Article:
Tales from a Sprouting City




It doesn’t fall short of a spectacle when you look behind and around those half torn blue plastic curtains gently adorning the juxtaposed wooden planks. You hear shouts, chants and whistles harmoniously gracing the air with the clanging and the dinging of the hammers and chisels. A few minutes alongside any of the construction sites give you quite the unforgettable sight, one unimaginable elsewhere. So you slightly tilt your head to the side of the half risen structure to see what the actual building will look like on the board and remain awestruck in imagination. Until any of the heavy machinery loudly awakens you to the reality of these sites. That’s when you see the weary eye lids of the daily laborers behind the cloth masked faces that lift and shovel, dig and mix cement. Shortly after, you notice that you have to skip, trot and almost brisk walk across or away from this fascinatingly hazardous space.

Have you ever looked around to notice bits and pieces of nails, half split wood trunks and metal rods hanging around the sites – forgotten? How about cement blocks, mounds of sand and piles of rocks often times scattered as far as the pavement and the streets beyond the building’s enclosure? Can you recall your first thoughts upon first noticing this?

In all honesty, it is possible that everything enumerated above goes unnoticed even walking past such scenes. The pace of our lives has flagrantly accelerated, we often find ourselves multitasking more and more and our daily tasks have multiplied. In that mindset and with that in mind we can understand that these sites are nothing more than a sign of development and advancement in a country that is beautifully growing on its own and for itself. Which is not far from the truth but our tight schedules and busy minds have somehow disabled us from looking in depth at the sites. I remember an Ethiopian civil engineer passionately talking about how to improve things in this regard at the TEDx Addis Ababa University event held in October of 2015. He was identifying and proposing solutions for the betterment of construction sites pertaining to the management and organization of the resources available on site. One of the examples he had given that I still recall is the one about the scattered sand and cement blocks that end up blown away with the wind and shoes and shovels that add up to amount to entire blocks or bags that need to be purchased anew. He then went on to point out that if from the very beginning these resources had their own storage spaces and a thorough cleaning of the site is done after each working day we will manage to limit waste as well manage a clean and tidy site.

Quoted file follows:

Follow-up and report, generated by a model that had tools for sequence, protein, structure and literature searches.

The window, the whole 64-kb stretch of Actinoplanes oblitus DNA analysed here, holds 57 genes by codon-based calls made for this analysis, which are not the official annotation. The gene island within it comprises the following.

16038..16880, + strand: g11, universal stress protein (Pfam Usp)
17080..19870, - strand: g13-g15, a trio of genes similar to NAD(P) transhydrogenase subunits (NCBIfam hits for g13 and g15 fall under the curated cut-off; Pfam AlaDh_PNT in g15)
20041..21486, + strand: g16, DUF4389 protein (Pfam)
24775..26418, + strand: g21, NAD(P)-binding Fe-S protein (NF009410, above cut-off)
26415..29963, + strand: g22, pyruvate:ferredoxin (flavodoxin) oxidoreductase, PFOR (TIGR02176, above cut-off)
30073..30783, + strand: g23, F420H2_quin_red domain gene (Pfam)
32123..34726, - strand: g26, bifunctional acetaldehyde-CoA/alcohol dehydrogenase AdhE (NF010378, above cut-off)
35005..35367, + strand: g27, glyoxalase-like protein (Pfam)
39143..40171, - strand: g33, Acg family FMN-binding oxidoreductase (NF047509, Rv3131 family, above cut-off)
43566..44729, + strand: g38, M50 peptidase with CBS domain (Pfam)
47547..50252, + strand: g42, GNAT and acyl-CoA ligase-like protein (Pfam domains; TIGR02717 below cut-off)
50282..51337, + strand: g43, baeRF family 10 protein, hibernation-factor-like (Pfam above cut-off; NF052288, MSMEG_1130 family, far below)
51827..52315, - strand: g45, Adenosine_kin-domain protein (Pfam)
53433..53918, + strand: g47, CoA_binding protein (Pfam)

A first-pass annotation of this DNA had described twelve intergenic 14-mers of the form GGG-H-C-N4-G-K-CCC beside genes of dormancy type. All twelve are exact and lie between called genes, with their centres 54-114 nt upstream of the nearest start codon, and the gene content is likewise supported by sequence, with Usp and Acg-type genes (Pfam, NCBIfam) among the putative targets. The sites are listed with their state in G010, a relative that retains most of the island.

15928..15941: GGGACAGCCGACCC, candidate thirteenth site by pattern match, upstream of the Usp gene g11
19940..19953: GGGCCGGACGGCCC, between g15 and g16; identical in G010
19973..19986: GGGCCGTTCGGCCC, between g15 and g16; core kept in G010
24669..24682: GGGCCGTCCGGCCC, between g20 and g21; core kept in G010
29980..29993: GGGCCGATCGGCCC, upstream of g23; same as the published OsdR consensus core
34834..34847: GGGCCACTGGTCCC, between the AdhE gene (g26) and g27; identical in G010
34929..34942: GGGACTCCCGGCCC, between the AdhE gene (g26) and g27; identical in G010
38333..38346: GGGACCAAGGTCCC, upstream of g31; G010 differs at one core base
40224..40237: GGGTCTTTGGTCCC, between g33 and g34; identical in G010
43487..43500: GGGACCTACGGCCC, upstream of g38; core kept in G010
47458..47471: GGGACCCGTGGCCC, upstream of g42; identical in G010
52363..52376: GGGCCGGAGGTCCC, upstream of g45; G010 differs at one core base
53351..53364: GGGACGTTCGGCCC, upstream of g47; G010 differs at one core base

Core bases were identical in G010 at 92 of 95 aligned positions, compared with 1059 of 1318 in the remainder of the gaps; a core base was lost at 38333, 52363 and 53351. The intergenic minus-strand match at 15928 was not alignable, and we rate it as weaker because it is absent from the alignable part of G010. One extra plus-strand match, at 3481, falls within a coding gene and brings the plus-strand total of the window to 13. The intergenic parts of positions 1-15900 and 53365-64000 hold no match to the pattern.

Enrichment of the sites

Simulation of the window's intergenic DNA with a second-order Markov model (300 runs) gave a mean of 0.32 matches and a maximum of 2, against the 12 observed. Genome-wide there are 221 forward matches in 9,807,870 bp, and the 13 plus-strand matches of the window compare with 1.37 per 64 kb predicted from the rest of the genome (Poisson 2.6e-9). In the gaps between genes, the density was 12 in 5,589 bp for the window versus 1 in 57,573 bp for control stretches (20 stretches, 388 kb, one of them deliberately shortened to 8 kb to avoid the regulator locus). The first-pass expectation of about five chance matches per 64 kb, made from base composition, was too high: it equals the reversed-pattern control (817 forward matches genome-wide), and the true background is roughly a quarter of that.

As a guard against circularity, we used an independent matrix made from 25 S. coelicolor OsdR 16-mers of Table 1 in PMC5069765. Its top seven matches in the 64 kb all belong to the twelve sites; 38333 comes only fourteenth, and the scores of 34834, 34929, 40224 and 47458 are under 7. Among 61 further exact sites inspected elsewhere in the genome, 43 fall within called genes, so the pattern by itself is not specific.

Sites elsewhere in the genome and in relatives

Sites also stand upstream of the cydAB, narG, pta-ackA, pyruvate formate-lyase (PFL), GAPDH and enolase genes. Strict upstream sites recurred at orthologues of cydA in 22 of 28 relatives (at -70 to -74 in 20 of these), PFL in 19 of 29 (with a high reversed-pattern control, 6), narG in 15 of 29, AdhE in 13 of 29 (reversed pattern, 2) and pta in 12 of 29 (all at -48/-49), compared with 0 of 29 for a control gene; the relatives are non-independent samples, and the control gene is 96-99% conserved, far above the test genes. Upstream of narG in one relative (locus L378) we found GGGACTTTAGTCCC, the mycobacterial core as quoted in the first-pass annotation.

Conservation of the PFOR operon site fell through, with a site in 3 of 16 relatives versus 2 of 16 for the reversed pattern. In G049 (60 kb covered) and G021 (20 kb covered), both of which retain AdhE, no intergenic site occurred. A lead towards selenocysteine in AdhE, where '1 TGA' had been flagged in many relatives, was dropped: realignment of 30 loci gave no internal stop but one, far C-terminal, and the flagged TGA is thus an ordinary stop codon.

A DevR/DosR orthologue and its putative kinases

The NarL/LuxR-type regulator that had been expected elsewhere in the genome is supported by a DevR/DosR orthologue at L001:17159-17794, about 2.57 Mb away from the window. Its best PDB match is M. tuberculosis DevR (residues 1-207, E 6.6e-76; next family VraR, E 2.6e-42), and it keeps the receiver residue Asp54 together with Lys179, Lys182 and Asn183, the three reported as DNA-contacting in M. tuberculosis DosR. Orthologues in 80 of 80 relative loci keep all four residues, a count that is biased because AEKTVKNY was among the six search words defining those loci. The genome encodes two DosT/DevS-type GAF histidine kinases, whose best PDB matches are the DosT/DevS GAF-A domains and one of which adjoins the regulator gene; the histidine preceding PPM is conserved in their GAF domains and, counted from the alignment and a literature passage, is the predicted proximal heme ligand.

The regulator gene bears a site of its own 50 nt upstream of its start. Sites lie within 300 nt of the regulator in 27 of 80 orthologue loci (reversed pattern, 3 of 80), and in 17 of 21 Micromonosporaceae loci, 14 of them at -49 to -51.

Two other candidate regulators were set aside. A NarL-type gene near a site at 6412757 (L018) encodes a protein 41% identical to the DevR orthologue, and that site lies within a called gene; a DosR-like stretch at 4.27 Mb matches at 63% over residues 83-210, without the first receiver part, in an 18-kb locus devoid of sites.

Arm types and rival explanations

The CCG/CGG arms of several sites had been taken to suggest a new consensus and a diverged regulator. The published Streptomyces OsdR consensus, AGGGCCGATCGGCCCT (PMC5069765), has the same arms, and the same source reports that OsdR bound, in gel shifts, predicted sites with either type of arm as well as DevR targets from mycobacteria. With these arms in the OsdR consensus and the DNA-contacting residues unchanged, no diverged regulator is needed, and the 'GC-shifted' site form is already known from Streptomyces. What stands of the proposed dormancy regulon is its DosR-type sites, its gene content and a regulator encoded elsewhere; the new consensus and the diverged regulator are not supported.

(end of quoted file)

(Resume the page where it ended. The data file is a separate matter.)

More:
Though said like this, it could sound like a fairy tale and could seem close to impossible to attain. In reality it is not as it is being done by some, though rare, construction companies here in Ethiopia. The question here somewhat boils down to the difference between effective and efficient site management. Given the fact that things have always been done this way and seeing that it is easy to want to carry on in the same manner would change bring better results? Can we imagine walking past a construction site without worrying about getting hurt, hit or something spilling on us? I believe we can do more than imagine, we can ensure that the construction sites are safeguarded first and foremost for their daily laborers and then for the surrounding and passersby. Have you noticed that sometimes the pavement has become storage space or that an entire neighborhood street is blocked off by piles of scaffolding wooden planks, metals, sand and blocks of cement? Do we need to destroy the surroundings in order to build one high rise? One multiplied by many, should we ask ourselves if we are constructing or building our cities? Should this be each and everyone’s responsibility or one that lies solely on the shoulders of the owners or the site manager? Share your thoughts as I would like to know what you think given the fact that there will only be more and more constructions moving forward.



By Christine Yohannes
Christine Yohannes writes about social change, performs at public events and conducts poetry workshops in schools. She has established a monthly event entitled

Published on Jan 31,2017 [ Vol 17 ,No 874]


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